- Any direct or indirect contribution made by one party to help educate or develop the career or employability of the other party and any interruption of either party's educational or personal career opportunities for the benefit of the other's career or for the benefit of the parties' marriage or children
- The expectation of pension or retirement rights acquired prior to or during the marriage
- The tax consequences for each party
- The value of property that is allocated by a valid prenuptial contract made in good faith by the parties
- The fault of either party as specified in RSA 458:7 if said fault caused the breakdown of the marriage and:
(1) Caused substantial physical or mental pain and suffering; or
(2) Resulted in substantial economic loss to the marital estate or the injured party
- The value of any property acquired prior to the marriage and property acquired in exchange for property acquired prior to the marriage
- The value of any property acquired by gift, devise, or descent
- Any other factor that the court deems relevant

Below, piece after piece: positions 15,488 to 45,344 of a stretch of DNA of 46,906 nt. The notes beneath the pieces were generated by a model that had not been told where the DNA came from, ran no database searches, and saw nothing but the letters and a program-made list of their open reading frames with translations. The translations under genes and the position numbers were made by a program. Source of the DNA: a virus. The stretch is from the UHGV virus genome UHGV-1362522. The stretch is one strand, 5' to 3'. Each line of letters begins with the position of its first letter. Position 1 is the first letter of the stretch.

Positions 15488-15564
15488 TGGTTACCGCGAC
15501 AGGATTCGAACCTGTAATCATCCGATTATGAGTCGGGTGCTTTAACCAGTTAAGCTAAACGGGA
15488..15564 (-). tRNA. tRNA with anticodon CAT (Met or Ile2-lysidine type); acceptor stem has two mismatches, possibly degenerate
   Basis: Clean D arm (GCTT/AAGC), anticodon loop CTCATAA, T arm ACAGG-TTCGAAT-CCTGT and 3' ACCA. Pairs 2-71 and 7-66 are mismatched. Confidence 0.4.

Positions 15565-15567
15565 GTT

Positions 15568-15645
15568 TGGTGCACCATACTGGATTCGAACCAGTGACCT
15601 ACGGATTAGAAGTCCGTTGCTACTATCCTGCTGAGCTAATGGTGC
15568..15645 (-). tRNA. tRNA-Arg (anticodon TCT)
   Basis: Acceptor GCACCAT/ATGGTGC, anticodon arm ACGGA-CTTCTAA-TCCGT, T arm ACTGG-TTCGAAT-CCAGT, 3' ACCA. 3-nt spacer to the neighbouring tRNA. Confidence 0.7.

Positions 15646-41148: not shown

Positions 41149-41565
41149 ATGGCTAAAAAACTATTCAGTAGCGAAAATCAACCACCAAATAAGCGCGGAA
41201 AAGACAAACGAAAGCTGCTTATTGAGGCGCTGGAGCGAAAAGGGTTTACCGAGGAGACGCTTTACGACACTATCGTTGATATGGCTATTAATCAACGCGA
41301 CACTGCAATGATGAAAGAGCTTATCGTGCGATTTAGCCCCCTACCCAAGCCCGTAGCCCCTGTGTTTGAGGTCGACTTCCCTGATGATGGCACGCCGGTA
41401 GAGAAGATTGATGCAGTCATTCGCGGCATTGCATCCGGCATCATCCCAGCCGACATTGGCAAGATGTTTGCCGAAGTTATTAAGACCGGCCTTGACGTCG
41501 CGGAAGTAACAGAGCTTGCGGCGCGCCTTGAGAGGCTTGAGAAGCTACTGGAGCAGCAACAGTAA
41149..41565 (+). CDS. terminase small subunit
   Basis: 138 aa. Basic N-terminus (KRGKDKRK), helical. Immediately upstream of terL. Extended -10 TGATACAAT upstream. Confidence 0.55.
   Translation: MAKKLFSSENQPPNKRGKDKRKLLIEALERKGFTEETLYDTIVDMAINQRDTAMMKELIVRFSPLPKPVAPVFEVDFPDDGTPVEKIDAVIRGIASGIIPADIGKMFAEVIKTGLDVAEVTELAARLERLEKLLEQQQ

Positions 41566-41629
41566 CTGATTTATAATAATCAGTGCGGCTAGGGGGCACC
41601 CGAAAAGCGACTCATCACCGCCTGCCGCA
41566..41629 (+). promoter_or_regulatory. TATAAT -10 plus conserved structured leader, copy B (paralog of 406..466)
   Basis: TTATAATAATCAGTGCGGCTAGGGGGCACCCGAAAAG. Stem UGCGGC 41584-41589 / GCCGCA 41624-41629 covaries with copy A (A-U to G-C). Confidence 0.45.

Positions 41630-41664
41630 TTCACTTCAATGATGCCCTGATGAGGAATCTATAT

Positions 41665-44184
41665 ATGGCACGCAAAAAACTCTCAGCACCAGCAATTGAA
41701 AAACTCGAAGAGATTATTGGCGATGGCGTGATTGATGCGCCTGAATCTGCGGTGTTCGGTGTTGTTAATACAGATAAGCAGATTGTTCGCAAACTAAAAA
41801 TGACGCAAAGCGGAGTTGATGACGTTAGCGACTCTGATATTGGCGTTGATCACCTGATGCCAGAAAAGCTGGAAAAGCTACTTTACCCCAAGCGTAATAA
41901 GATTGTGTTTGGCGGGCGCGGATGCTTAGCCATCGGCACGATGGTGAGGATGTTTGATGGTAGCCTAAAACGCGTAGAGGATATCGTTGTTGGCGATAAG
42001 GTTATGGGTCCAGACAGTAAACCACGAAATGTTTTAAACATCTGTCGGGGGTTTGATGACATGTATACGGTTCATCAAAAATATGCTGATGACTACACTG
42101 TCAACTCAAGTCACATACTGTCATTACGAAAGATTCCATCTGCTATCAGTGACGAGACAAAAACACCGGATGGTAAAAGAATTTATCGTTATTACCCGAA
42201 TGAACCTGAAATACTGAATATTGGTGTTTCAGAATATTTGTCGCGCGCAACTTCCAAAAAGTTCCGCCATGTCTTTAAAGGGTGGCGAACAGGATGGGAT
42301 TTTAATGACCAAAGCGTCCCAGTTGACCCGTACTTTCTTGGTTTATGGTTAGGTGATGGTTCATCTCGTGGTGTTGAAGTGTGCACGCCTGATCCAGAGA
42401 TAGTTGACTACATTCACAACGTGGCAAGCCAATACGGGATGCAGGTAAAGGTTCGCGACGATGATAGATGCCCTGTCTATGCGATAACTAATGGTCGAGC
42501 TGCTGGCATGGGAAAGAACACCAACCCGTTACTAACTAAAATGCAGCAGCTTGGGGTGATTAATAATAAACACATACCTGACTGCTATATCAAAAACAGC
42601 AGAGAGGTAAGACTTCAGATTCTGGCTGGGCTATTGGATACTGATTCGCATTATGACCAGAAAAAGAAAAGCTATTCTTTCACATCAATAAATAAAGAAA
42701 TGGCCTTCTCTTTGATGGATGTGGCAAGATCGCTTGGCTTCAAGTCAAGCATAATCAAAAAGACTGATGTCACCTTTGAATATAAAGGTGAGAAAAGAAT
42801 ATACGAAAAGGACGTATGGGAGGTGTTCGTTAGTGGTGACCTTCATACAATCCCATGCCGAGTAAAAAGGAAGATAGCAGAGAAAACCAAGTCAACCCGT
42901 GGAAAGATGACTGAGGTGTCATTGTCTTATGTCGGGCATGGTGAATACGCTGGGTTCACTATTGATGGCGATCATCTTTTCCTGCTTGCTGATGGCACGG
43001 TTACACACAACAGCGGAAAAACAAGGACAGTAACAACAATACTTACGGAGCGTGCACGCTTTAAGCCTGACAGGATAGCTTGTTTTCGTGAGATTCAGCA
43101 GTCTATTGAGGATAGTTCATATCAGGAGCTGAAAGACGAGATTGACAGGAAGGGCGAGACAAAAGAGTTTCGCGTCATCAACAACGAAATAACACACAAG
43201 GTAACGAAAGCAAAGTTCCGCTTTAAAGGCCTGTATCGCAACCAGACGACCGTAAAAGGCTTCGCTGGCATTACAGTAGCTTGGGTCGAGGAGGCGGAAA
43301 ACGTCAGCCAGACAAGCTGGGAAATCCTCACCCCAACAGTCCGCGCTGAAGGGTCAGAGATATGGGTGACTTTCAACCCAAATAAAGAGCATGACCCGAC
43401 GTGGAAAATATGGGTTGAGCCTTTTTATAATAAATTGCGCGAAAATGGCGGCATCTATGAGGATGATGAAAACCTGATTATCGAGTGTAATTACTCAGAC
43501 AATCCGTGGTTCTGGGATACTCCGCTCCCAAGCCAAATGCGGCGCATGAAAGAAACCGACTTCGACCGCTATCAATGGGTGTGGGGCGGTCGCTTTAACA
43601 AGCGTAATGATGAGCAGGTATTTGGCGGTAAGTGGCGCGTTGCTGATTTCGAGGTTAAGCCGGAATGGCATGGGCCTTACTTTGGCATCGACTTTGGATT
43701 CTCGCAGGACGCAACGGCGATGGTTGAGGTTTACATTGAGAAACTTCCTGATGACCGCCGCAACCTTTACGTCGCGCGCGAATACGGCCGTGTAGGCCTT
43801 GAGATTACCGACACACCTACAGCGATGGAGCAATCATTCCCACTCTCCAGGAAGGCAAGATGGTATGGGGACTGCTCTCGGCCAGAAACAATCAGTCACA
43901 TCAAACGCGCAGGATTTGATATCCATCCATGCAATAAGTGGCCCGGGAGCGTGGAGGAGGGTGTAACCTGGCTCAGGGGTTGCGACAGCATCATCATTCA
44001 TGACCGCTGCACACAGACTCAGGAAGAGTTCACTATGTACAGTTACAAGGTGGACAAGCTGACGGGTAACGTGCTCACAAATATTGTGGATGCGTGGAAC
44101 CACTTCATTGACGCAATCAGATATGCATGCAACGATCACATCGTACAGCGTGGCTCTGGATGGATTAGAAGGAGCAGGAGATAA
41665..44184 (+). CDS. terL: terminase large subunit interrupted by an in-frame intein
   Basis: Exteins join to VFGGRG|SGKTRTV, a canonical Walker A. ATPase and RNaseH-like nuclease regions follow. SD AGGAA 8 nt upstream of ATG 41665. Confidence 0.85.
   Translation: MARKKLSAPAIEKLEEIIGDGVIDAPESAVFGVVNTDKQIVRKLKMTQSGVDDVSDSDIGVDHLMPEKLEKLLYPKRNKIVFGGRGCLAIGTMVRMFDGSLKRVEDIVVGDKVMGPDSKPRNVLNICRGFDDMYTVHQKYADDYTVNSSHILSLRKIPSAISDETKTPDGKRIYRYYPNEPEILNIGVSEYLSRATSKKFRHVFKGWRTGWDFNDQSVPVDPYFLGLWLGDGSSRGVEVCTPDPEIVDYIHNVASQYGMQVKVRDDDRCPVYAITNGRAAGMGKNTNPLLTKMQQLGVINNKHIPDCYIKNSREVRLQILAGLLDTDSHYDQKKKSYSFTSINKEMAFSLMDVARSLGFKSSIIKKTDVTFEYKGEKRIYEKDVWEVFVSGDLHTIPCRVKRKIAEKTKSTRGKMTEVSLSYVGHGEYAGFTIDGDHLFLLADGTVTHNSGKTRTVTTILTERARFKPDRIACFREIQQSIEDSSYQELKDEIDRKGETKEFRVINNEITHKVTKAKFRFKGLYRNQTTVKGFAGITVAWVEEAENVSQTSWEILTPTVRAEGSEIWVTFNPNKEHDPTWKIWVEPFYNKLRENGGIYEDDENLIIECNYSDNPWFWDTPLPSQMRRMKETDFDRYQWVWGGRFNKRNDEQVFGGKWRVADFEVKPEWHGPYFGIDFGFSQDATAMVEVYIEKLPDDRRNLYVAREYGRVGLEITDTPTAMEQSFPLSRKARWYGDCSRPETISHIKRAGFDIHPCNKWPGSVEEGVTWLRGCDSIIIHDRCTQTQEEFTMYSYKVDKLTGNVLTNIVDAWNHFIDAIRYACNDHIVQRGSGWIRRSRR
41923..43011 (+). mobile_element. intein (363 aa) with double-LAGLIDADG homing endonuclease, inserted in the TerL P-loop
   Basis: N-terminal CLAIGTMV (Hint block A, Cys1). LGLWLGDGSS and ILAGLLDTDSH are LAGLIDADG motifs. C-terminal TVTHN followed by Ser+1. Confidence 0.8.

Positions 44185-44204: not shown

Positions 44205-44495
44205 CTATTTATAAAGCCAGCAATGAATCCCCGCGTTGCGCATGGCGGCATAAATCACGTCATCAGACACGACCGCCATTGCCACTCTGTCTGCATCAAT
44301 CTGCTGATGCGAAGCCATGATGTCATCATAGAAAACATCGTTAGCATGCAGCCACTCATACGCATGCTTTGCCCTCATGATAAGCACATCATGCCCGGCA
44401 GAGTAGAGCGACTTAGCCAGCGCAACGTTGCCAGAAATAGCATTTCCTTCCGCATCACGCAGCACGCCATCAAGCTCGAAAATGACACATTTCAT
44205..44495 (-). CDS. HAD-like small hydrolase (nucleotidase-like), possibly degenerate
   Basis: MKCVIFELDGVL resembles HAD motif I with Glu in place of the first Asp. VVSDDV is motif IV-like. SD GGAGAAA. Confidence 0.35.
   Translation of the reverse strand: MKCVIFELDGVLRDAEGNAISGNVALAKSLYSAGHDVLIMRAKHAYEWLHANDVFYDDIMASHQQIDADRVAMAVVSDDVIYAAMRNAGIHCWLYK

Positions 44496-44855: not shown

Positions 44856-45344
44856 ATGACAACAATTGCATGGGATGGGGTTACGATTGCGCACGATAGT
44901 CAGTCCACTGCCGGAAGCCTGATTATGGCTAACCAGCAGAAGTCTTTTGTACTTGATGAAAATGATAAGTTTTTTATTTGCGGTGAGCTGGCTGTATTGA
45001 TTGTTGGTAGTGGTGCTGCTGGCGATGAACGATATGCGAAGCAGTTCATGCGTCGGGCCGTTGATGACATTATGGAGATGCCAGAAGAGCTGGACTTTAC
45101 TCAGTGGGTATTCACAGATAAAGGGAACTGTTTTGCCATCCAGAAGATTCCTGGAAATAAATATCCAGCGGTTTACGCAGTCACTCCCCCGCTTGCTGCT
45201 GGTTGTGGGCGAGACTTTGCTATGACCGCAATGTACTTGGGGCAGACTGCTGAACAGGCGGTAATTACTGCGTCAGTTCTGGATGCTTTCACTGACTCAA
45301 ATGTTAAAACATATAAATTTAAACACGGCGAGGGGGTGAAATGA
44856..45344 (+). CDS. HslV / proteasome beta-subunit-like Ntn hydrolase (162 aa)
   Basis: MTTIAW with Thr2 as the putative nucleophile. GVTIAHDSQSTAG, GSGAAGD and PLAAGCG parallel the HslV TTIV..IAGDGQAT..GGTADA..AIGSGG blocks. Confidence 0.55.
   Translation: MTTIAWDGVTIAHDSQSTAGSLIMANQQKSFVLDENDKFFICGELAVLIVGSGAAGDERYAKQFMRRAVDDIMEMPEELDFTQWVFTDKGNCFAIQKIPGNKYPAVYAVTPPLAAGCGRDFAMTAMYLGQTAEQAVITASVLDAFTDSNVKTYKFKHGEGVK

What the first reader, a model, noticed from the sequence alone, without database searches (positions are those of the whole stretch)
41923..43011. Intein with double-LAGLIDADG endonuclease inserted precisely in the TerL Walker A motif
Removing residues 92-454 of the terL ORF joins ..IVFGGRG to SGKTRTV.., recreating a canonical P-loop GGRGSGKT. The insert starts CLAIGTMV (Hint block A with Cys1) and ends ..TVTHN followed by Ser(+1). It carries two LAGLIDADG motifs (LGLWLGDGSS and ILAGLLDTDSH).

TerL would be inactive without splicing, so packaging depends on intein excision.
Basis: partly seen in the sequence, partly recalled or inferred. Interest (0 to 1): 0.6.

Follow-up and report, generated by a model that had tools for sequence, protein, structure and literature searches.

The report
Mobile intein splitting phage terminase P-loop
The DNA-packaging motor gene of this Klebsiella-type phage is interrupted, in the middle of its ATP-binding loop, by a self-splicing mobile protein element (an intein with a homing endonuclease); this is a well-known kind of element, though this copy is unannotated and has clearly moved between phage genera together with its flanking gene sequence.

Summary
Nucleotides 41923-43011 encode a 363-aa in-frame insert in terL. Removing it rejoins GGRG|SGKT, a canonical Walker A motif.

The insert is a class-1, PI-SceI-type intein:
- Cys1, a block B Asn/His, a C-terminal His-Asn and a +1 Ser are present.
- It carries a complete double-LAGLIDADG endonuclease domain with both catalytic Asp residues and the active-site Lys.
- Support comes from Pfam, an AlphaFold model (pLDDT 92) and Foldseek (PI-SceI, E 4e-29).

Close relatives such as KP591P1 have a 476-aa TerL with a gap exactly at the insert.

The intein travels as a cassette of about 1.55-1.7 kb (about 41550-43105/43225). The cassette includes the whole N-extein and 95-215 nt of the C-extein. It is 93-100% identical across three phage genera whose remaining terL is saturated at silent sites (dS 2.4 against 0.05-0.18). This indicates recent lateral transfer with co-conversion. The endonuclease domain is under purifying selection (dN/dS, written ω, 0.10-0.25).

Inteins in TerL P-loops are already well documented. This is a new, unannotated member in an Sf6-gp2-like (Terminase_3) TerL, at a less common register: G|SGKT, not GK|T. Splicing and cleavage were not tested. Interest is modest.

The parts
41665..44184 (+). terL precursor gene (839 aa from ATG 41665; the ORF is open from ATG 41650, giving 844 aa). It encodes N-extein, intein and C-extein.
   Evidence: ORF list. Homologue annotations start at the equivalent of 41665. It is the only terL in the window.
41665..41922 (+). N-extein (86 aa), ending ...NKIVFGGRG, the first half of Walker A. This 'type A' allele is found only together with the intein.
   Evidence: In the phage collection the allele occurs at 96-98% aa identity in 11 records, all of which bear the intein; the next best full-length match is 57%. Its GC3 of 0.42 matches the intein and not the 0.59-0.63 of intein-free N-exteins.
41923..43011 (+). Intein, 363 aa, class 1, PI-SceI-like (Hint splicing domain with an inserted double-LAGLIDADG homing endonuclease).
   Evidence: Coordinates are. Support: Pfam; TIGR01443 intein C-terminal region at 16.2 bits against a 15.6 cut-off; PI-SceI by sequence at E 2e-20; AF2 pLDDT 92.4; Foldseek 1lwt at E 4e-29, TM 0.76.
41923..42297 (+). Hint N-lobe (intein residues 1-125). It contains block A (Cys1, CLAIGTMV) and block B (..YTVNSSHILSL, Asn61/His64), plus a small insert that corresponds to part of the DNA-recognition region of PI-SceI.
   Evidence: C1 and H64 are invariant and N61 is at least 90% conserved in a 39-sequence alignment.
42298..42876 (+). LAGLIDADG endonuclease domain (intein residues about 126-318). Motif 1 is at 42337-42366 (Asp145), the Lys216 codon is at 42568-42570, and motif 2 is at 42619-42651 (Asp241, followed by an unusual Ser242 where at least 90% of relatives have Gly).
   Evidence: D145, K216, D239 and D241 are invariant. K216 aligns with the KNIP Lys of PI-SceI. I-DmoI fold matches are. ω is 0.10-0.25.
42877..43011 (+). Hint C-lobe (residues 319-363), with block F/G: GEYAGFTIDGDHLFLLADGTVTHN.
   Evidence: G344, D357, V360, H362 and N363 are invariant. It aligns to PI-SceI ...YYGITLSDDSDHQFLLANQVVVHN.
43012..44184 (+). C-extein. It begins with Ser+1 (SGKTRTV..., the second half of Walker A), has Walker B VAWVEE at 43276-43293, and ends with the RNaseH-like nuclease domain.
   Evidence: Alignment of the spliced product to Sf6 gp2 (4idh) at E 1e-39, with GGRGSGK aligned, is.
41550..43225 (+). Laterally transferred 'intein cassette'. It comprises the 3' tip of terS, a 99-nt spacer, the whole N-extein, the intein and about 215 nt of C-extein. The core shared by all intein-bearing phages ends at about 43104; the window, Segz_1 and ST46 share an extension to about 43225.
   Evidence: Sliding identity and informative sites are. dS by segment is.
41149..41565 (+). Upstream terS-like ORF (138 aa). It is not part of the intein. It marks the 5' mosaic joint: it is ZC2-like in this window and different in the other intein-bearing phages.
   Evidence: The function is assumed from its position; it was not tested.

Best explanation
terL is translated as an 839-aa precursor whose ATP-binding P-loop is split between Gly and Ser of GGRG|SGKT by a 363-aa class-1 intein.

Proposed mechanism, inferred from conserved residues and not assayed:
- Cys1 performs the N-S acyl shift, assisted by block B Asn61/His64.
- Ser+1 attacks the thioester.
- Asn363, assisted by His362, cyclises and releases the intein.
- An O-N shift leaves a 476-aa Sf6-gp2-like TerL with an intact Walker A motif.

|Child Custody ||
When determining a child custody award, New Hampshire laws consider the best interests of the child. There shall be a presumption, affecting the burden of proof, that joint legal custody is in the best interest of minor children if any of the following apply:
"Joint legal custody" shall include all parental rights with the exception of physical custody which shall be awarded as the court deems most conducive to the benefit of the children.
- Where the parents have agreed to an award of joint legal custody
- Upon the application of either parent for joint legal custody, in which case it may be awarded in the discretion of the court. To assist the court in making a determination whether an award of joint legal custody is appropriate, the court may appoint a guardian ad litem to represent the interests of the children